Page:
Mayo Clinic's neurostimulation practice was pioneered and refined in the mid-1990s by neurosurgeon Robert E. Wharen Jr., M.D., and neurologist Ryan J. Uitti, M.D., at Mayo Clinic in Florida as part of the clinical trials that led to Food and Drug Administration approval of deep brain stimulation (DBS). It has since become one of the largest neurostimulation practices in the world.
Across Mayo's three campuses, interdisciplinary teams carefully screen patients, provide treatment for common and uncommon neurologic conditions, and follow up with expert stimulator programming. They collaborate on research and practice standards. Their success rests on experience, expertise and rigorous patient selection criteria.
The directors of Mayo's neurostimulation program, which includes DBS and motor cortex stimulation, are:
Dr. Klassen joined the DBS staff at Mayo Clinic in Minnesota this year, after a neurology residency, DBS fellowship, and specialized training in movement disorders.
Dr. Lyons has conducted a review of trends and future applications of DBS in Mayo Clinic Proceedings (2011;86:662-72).
On the basis of careful analysis of outcomes reported in the medical literature and internal research, Mayo Clinic has expanded its practice to include:
Herein are a few highlights of the current DBS experience across Mayo Clinic.
DBS has largely replaced ablative surgery (stereotactic thalamotomy) for advanced cases of tremor in levodopa-responsive Parkinson's disease (PD) and medically refractory essential tremor (ET). Typically, the treatment target is either the subthalamic nucleus (STN) or the globus pallidus in PD and the thalamus in tremor disorders. In addition to improving tremor, DBS surgery for patients with PD has also been found to improve gait disturbance, rigidity and symptoms of bradykinesia and to reduce dyskinesias caused by long-term levodopa therapy.
In a recent retrospective study, Joseph Y. Matsumoto, M.D., and colleagues across Mayo Clinic used a PD rating scale to determine differences in the pattern of responses to levodopa and DBS targeting the STN (STN-DBS) in a series of 60 patients. The investigators found that the combination of levodopa and STN-DBS is superior to either DBS or levodopa therapy alone.
In the Archives of Neurology (2011;68:1033-6), Dr. Klassen and colleagues report on the efficacy of DBS in a case series of tremor associated with benign tremulous parkinsonism (BTP), a condition within the spectrum of parkinsonism. BTP may appear similar to early PD, although as the two diseases progress, their symptoms diverge. Gait is not disturbed in BTP, and tremor is usually severe and unresponsive to levodopa.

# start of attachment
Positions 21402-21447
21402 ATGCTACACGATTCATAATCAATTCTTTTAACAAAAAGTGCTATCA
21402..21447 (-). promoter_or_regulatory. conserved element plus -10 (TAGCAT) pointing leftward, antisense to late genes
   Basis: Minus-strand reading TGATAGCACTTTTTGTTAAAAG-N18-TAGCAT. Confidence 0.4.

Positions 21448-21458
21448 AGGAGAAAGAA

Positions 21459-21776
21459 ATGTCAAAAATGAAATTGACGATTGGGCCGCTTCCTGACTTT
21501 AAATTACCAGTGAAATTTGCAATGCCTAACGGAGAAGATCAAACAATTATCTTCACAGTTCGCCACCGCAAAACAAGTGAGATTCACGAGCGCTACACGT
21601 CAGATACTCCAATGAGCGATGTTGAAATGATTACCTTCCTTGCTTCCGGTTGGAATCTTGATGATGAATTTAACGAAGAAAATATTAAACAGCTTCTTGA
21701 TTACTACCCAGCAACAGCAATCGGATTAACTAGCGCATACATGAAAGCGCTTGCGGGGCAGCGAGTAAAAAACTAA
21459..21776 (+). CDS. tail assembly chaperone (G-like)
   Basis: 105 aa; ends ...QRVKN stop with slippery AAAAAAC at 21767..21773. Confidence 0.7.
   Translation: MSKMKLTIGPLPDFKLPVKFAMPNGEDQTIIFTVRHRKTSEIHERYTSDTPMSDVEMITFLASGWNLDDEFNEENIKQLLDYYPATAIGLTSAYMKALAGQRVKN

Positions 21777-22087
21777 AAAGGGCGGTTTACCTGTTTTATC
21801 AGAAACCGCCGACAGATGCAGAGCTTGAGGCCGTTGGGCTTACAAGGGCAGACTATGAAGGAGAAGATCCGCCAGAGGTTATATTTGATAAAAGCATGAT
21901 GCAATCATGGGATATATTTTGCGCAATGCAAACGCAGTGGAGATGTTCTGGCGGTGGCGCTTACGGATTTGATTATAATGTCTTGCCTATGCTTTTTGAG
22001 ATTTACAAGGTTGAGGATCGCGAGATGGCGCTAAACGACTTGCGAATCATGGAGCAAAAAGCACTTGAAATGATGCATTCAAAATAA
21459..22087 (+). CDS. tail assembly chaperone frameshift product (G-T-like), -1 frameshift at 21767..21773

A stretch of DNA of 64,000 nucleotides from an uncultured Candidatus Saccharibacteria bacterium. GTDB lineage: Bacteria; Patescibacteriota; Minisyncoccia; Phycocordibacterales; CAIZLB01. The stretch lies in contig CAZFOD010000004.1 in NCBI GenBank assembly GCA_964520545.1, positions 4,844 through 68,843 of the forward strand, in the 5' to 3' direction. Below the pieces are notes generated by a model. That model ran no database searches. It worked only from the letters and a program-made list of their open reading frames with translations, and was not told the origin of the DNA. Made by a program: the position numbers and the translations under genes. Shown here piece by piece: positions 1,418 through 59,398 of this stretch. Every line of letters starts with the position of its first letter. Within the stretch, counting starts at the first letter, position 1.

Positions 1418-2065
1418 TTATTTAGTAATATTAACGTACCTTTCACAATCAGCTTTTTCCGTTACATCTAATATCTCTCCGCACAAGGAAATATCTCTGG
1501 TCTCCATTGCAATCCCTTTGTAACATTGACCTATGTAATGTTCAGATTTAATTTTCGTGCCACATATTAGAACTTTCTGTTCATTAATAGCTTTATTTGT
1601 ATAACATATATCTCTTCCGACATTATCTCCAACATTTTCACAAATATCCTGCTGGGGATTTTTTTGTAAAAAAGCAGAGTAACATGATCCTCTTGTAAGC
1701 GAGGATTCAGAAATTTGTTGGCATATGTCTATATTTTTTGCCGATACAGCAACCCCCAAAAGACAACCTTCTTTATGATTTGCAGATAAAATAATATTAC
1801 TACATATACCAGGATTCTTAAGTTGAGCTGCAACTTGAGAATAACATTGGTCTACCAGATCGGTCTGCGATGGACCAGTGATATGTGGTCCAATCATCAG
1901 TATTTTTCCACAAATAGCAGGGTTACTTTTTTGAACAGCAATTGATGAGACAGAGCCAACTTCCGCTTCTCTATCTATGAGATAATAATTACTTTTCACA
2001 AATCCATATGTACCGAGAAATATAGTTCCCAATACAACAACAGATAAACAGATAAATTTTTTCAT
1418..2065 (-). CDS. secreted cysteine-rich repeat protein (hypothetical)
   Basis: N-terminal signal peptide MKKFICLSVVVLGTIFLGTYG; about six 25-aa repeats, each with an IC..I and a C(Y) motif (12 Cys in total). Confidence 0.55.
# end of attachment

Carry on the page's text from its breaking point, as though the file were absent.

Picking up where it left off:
Rare types of tremor treated with DBS at Mayo include orthostatic tremor, a variant of ET that affects the lower limbs on standing and spreads up the trunk. Treated at Mayo Clinic in Arizona, a patient with orthostatic tumor showed 60 percent improvement in lower limb tremor. Drs. Lyons and Evidente have also reported successful DBS surgery for a case of primary writing tremor and a case of genetically confirmed fragile X tremor ataxia syndrome.
Restless legs syndrome (RLS) can affect up to 25 percent of adults, and its prevalence often is increased in patients with PD or ET. Mayo Clinic does not offer DBS for cases of isolated or primary RLS, but patients with PD who are undergoing DBS surgery at Mayo are given pre-surgical and post-surgical testing for RLS.
Recently, Drs. Evidente, Klassen, and Lyons reported on a patient in whom severe periodic limb movements during wakefulness were reduced following DBS for PD. The Arizona team also has reported on six patients with PD whose average RLS scores dropped by 84 percent following DBS surgery (Mov Disord. 2006;21(8):1287-9).
In a series of patients with RLS who have ET or dystonia without PD, Dr. Evidente has observed that RLS relief ranges from 25 to 100 percent with DBS (unpublished data). Periodic limb movements during sleep also were noted to improve in a patient who underwent bilateral thalamic DBS for severe ET. The Arizona team conducted a sleep study before and after DBS surgery and also studied the patient's response with and without stimulation during DBS surgery. They found that DBS markedly decreased the patient's limb movements.
Neurologists and neurosurgeons across Mayo Clinic agree that symptom improvement with DBS for dystonia is more limited than it is for tremor. Drs. Evidente and Lyons reported on the first DBS surgery for X-linked dystonia parkinsonism, or Lubag, a progressive dystonia that occurs in 1 of every 4,000 men of southern Filipino extraction. They are monitoring the results of DBS on more patients with Lubag, all of whom have had some measure of symptom relief.